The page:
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Goal 2 | Medication | 1 of 5
Taking Medication
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Do you or your loved one regularly take medication to help manage diabetes?

“I follow a daily medication routine.”

I follow a daily medication routine because I understand that managing diabetes is very important to maintaining good health and preventing complications.

Most people who need medication to help manage their type 2 diabetes will be prescribed an oral medication by their doctor. Oral medications work in different ways to help your body control blood glucose levels.

Over time, many people need additional help in controlling blood glucose levels. This is when doctors typically prescribe insulin.

There are many types of non-insulin medications that can be prescribed for you. The various options may be overwhelming—memorizing all the names and technical terms isn't important, but understanding that there ARE options is what you need to know. Work with your doctor to determine which of these might be most helpful for you.

Medication Primer Chart

Click to download pdf!

diabetes medications

In type 2 diabetes, two issues may occur:

The body can't use insulin the way it should because the body isn't producing enough of it;
The body's cells resist the insulin the body produces (a condition called insulin resistance);
OR BOTH.

Many people with type 2 diabetes take insulin (typically in addition to other medications) to address this shortage.

“I don't take any medications, or I only take it when I think I need it.”

Some people are able to manage their blood glucose with diet and exercise. But most people with diabetes must take medication in order to keep their blood glucose at a healthy level.

It's very important to take diabetes medications as directed by your doctor. Left untreated, diabetes can lead to serious, even life-threatening complications—other diseases or conditions that are related to diabetes. Complications can lead to loss of vital functions (such as with your kidneys), blindness, amputation of lower limbs, and even death (especially from cardiovascular disease). By taking your medications as directed, you greatly reduce your risk of getting complications.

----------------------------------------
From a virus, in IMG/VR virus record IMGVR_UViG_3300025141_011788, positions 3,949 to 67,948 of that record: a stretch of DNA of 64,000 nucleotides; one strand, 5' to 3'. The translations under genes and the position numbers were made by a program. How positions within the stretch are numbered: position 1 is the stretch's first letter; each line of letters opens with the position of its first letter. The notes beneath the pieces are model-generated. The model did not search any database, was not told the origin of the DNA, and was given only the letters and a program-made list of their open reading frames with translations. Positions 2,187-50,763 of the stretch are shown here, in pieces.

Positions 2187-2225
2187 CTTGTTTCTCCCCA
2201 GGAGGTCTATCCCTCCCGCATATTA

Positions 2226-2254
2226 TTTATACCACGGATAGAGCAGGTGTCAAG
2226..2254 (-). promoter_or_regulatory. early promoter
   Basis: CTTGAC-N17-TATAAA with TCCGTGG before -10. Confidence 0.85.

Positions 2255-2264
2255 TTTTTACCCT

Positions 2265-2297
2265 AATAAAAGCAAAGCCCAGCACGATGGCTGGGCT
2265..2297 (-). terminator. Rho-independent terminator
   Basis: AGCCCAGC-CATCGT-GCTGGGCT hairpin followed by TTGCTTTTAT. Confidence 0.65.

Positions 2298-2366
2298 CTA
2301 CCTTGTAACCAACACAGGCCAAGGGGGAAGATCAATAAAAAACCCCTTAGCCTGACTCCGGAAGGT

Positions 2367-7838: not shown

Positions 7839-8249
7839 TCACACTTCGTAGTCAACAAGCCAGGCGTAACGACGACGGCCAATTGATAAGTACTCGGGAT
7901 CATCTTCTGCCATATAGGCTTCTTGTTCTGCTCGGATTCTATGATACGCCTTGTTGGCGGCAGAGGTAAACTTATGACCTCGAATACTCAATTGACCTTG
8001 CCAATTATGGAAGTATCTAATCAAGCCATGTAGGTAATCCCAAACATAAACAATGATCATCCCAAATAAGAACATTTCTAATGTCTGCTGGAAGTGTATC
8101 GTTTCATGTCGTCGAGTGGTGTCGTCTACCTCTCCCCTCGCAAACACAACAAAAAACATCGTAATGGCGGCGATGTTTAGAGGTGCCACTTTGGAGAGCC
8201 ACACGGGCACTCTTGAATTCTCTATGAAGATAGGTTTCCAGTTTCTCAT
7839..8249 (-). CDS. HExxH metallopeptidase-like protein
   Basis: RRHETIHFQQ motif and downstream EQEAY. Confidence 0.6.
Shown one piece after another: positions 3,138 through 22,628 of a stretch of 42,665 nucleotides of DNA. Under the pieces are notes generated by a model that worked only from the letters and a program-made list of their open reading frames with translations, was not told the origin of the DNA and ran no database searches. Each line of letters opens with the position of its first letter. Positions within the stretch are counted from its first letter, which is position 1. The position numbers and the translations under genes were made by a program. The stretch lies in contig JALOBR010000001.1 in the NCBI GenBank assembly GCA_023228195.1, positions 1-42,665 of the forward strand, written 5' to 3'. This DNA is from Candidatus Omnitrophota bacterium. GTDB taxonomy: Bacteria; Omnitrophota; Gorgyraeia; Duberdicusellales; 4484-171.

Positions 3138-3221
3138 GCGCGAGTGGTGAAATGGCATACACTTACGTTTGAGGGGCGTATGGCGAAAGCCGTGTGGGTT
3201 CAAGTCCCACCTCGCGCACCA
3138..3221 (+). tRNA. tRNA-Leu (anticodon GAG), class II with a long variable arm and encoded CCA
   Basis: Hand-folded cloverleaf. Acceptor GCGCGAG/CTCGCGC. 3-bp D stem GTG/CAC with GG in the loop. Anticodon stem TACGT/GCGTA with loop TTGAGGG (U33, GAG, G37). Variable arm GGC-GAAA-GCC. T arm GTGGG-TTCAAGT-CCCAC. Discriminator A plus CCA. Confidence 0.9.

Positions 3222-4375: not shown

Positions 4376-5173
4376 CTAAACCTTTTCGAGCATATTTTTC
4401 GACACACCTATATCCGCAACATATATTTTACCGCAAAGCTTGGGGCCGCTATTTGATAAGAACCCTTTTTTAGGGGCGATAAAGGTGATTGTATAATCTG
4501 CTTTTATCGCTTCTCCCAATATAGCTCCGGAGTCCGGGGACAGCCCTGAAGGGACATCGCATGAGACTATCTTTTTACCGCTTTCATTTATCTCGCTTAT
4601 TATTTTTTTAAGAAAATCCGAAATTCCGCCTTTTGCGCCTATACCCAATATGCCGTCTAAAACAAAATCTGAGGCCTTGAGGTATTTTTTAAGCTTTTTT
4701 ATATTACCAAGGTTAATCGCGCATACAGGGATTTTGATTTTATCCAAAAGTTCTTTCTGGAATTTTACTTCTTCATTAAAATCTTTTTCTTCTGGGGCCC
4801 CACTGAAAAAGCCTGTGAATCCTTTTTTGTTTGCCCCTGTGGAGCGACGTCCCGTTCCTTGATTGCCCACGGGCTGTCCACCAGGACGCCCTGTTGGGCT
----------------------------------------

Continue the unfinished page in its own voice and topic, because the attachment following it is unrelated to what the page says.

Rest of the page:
Insulin helps you manage your blood glucose levels by "unlocking" cells so that they can access your blood glucose for the energy they need. Without sufficient insulin—or when your cells have a condition called insulin resistance, where they cannot use the insulin your pancreas makes properly—blood glucose builds up and can eventually damage your arteries and cause other problems that can lead to complications.

Over time, many people need additional help in controlling blood glucose levels. This is when doctors typically prescribe insulin.

There are many types of non-insulin medications that can be prescribed for you. The various options may be overwhelming—memorizing all the names and technical terms isn't important, but understanding that there ARE options is what you need to know. Work with your doctor to determine which of these might be most helpful for you.

Medication Primer Chart

Click to download pdf!

diabetes medications

In type 2 diabetes, two issues may occur:

The body can't use insulin the way it should because the body isn't producing enough of it;
The body's cells resist the insulin the body produces (a condition called insulin resistance);
OR BOTH.

Many people with type 2 diabetes take insulin (typically in addition to other medications) to address this shortage.